It’s that time of year again when turkeys are back in the spotlight.
Unfortunately, this year 9 million turkeys were slaughtered in the UK – the vast majority to be served on Christmas Day dinner plates.
As we know, turkeys are sensitive, intelligent animals who deserve compassion and respect.
To celebrate these wonderful, unique animals we thought we’d give you a run down of fascinating facts that you may not know about turkeys.
The colour of a male turkey’s head and throat will change depending on his mood. When he is excited, his head will turn blue. When he is feeling stressed, his head will turn bright red. The colour may shift and change many times throughout the day as he feels various levels of stress and relaxation, sometimes within seconds!
Only males make a gobbling sound, and they do so to attract females during mating season. Both male and female turkeys are very vocal though. They make a variety of sounds, including gobbles, purrs, yelps, and clucks and can recognise each other by their voices. More than 20 unique vocalisations have been identified in free-living turkeys.
Sadly, turkeys who are farmed, are too large to breed naturally, so semen is collected from male turkeys and artificially inseminated into female hens in a distressing procedure.
Free-living turkeys can not only fly but reach speeds of up to 55 miles per hour! However, turkeys who are farmed have been selectively bred to produce the maximum amount of ‘meat’ for humans and therefore are too heavy to be able to fly like their free-living cousins.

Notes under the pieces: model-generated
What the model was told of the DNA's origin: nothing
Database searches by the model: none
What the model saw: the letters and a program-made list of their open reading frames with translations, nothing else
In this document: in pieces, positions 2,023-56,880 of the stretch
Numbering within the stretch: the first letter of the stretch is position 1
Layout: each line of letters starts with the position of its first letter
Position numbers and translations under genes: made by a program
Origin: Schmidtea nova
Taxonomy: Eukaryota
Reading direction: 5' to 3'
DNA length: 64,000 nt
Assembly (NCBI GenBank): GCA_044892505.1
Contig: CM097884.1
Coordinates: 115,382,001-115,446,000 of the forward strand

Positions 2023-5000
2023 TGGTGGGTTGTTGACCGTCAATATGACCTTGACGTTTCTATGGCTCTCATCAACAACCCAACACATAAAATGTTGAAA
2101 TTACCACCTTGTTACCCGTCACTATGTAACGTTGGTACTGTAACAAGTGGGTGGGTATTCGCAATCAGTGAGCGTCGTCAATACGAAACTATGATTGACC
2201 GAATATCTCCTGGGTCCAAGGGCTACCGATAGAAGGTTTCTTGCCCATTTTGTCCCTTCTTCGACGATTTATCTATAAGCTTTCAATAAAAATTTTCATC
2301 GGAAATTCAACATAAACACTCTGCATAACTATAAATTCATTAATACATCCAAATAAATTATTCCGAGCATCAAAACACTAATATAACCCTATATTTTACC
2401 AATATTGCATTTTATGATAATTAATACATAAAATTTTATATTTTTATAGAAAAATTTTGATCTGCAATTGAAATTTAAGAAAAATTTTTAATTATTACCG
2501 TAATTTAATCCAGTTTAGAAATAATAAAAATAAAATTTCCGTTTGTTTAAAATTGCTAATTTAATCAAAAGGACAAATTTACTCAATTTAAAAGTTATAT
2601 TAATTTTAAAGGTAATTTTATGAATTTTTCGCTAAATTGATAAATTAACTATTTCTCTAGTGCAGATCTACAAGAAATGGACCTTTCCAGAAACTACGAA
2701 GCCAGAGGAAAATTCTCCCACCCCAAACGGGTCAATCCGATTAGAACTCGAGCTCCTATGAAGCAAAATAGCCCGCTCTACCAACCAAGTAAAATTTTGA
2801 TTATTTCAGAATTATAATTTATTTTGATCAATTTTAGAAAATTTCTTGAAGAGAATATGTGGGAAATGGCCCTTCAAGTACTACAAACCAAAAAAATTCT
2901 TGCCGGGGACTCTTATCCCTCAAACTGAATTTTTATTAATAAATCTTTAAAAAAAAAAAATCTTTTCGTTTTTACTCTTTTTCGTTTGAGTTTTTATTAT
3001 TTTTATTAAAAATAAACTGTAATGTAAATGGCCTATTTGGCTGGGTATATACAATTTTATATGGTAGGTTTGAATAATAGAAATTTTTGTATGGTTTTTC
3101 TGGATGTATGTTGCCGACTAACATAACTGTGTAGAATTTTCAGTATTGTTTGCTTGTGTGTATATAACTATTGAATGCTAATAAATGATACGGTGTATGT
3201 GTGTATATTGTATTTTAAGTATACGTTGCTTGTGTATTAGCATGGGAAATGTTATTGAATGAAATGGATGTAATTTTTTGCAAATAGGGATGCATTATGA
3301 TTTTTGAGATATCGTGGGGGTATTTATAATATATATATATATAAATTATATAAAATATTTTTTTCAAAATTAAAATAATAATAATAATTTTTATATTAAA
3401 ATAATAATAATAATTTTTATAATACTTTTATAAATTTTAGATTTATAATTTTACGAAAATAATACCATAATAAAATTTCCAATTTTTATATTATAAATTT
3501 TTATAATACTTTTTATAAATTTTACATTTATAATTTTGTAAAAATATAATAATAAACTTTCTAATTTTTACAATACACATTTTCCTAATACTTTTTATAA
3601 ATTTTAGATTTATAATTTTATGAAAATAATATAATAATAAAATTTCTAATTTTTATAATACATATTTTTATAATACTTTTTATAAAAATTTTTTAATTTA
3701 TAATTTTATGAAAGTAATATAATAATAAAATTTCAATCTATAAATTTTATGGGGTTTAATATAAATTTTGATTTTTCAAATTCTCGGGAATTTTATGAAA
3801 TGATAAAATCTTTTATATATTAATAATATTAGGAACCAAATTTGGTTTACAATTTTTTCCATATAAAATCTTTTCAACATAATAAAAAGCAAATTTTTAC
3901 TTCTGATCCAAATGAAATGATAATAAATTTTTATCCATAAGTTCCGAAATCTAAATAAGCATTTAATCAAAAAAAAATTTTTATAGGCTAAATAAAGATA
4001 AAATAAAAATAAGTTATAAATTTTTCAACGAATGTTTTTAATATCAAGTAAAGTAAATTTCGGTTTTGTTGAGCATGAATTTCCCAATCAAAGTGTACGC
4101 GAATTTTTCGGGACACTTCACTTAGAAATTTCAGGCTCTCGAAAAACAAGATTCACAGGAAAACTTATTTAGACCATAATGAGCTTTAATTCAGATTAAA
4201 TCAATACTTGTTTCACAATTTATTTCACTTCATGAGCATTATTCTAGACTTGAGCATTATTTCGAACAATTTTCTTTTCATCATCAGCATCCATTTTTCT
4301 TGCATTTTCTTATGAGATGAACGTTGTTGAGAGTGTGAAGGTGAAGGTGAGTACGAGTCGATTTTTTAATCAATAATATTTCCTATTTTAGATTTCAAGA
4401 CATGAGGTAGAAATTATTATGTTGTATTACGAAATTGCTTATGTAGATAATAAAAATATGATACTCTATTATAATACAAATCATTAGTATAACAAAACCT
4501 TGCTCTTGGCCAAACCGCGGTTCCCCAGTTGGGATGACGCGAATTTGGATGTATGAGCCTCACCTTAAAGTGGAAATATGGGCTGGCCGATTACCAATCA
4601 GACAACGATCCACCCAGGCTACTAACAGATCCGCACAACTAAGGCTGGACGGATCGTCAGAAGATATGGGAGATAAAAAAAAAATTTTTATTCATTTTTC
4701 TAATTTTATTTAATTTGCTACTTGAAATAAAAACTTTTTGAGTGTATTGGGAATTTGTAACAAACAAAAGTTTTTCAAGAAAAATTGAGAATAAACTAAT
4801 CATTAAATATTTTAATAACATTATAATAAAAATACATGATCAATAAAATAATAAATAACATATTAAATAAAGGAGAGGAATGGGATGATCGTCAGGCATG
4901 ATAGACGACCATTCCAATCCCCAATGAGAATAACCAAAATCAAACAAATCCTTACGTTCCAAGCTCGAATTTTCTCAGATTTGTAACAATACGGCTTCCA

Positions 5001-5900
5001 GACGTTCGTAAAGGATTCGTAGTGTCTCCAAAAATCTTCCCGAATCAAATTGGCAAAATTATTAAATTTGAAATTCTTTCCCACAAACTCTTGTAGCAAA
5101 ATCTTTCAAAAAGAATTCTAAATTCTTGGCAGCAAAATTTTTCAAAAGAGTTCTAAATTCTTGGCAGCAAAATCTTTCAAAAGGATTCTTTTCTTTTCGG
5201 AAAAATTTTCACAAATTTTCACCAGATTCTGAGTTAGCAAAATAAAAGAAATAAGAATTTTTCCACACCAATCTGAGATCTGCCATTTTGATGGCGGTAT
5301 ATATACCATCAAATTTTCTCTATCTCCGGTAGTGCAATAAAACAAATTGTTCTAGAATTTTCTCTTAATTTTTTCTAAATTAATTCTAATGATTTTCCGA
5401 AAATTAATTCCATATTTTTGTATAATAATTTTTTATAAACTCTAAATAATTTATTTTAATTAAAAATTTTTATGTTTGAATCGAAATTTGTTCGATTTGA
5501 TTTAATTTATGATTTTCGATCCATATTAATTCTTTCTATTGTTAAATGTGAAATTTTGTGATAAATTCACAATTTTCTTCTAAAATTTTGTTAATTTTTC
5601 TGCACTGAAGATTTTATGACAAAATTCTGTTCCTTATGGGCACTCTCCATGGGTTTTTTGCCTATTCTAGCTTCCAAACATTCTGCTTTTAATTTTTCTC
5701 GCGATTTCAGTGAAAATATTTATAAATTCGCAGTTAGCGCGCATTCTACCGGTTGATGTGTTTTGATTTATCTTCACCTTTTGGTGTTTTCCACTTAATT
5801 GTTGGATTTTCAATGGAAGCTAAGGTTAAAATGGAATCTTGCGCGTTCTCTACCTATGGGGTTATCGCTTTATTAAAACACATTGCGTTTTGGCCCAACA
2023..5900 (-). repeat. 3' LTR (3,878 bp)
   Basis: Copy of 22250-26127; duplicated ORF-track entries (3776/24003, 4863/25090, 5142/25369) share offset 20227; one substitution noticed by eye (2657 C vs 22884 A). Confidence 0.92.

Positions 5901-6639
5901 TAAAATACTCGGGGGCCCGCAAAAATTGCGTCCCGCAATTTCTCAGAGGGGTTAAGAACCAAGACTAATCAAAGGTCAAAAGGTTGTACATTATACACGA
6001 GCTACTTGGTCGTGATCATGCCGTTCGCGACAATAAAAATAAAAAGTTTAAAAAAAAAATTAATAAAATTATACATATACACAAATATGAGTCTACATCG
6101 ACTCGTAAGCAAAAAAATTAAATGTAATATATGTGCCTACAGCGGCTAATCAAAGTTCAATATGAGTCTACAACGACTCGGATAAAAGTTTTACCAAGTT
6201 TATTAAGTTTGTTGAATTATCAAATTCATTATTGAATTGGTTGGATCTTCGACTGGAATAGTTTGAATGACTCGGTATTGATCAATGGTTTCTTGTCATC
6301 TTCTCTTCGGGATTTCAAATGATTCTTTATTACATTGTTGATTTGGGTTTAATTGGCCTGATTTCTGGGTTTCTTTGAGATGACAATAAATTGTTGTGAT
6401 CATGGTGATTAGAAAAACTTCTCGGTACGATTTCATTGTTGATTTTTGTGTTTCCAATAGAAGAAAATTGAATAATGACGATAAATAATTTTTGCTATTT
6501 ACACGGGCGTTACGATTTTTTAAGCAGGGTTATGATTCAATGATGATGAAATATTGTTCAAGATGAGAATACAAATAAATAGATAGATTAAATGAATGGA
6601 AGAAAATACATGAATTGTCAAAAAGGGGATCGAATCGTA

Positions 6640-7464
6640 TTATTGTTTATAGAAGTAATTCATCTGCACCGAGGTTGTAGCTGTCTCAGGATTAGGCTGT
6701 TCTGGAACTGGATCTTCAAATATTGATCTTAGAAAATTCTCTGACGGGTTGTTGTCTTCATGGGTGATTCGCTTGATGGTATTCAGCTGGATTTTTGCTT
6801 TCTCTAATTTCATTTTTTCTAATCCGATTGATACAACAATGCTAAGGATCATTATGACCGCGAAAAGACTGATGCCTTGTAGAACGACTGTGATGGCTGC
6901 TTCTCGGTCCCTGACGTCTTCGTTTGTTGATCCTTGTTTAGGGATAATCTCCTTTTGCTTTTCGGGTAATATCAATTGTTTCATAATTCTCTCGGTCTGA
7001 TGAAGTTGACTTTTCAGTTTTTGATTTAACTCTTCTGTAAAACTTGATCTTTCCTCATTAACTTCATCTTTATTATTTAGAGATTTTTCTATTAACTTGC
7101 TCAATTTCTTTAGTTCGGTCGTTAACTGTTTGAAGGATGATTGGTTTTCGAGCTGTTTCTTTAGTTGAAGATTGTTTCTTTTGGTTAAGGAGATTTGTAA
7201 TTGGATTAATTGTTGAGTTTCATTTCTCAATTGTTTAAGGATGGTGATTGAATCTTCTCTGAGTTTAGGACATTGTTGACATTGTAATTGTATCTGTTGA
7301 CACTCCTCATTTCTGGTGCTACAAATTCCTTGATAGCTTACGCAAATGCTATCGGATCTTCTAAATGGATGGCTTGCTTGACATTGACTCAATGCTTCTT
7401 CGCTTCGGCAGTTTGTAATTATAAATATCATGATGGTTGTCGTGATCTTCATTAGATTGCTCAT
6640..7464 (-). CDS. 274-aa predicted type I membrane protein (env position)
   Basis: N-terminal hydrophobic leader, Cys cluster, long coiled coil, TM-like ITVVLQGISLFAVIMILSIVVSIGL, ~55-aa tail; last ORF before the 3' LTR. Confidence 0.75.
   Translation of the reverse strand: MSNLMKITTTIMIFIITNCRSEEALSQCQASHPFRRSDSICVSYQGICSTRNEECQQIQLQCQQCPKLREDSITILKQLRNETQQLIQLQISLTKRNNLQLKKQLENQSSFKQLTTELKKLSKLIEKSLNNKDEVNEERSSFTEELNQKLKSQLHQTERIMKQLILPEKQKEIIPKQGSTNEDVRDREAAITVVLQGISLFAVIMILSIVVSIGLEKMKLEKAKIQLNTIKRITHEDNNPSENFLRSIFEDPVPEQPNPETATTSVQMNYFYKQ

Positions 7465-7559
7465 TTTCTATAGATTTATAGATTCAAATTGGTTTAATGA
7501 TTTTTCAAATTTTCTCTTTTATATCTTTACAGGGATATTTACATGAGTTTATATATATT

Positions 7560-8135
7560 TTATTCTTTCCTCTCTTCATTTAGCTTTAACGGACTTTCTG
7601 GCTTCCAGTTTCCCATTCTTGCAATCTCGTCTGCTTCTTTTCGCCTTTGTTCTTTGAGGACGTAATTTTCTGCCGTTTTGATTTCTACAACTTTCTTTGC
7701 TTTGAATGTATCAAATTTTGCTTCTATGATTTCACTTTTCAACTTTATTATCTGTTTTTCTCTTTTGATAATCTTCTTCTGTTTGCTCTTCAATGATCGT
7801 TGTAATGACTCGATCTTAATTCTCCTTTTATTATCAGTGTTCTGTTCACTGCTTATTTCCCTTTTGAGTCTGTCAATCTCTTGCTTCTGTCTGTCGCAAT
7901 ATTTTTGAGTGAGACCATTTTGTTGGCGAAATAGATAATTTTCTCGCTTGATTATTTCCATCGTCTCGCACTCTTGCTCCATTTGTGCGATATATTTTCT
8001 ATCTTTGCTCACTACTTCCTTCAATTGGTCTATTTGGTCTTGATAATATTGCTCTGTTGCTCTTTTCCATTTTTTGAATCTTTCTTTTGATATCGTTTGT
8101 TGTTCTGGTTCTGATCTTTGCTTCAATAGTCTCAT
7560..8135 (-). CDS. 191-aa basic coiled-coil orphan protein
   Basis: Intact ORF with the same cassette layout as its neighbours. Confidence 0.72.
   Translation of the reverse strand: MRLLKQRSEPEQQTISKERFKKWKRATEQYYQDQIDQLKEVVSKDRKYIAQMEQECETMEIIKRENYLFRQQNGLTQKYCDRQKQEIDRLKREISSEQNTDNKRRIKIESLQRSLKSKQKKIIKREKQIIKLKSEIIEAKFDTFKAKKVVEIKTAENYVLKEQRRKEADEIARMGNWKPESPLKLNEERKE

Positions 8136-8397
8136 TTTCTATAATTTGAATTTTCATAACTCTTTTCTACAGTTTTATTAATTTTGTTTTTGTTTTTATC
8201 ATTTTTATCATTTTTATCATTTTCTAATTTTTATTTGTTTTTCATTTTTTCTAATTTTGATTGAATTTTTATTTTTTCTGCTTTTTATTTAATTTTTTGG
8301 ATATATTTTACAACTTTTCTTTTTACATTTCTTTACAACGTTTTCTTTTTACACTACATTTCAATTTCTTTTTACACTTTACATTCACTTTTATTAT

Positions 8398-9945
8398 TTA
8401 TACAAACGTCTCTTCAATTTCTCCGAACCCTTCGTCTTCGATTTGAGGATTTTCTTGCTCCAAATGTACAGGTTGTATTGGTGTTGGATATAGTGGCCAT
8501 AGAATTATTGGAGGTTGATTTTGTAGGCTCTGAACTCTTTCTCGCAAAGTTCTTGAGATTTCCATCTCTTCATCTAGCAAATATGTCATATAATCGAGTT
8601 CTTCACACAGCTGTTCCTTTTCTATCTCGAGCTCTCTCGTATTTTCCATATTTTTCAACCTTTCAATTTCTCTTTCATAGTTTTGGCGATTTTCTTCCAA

Their eyes are three times more sensitive to light than human eyes, and they have a 270-degree field of vision. This incredible vision is able to detect motion many yards away. They are able to see UVA light which helps them when they are detecting prey, selecting a mate and foraging for food.
Although they lack 3D vision, they use a series of head bobbing movements, similar to pigeons. These quick head movements allow their eyes to gather information about depths and distances of objects around them.
Turkeys form strong social bonds and show affection towards one another and to human caregivers. They enjoy being stroked and cuddled and will often follow their human caregivers around a sanctuary just like dogs.
In the wild, they live in flocks of up to 100 turkeys, called "rafters" and forage together in small groups over distances of up to 500 acres!
Free-living mother turkeys will raise their chicks for five months and fiercely protect them from danger. Male siblings from the brood will go on to form lifelong social units.
Sadly for the millions of turkeys farmed in the UK, they will never get to express many of the natural behaviours just described, as they’ll spend the majority of their short lives in crowded sheds, suffering from injuries such as broken legs and wings due their unnaturally fast growth rate.
Want to help us spread the message that turkeys deserve compassion this Christmas?
You can door drop our ‘Be their Christmas miracle’ leaflets in your local area! You never know how many people you might convince to leave turkeys off their plate and go vegan this Christmas.
Order our turkey leaflets and spread some joy this Christmas.
For the animals.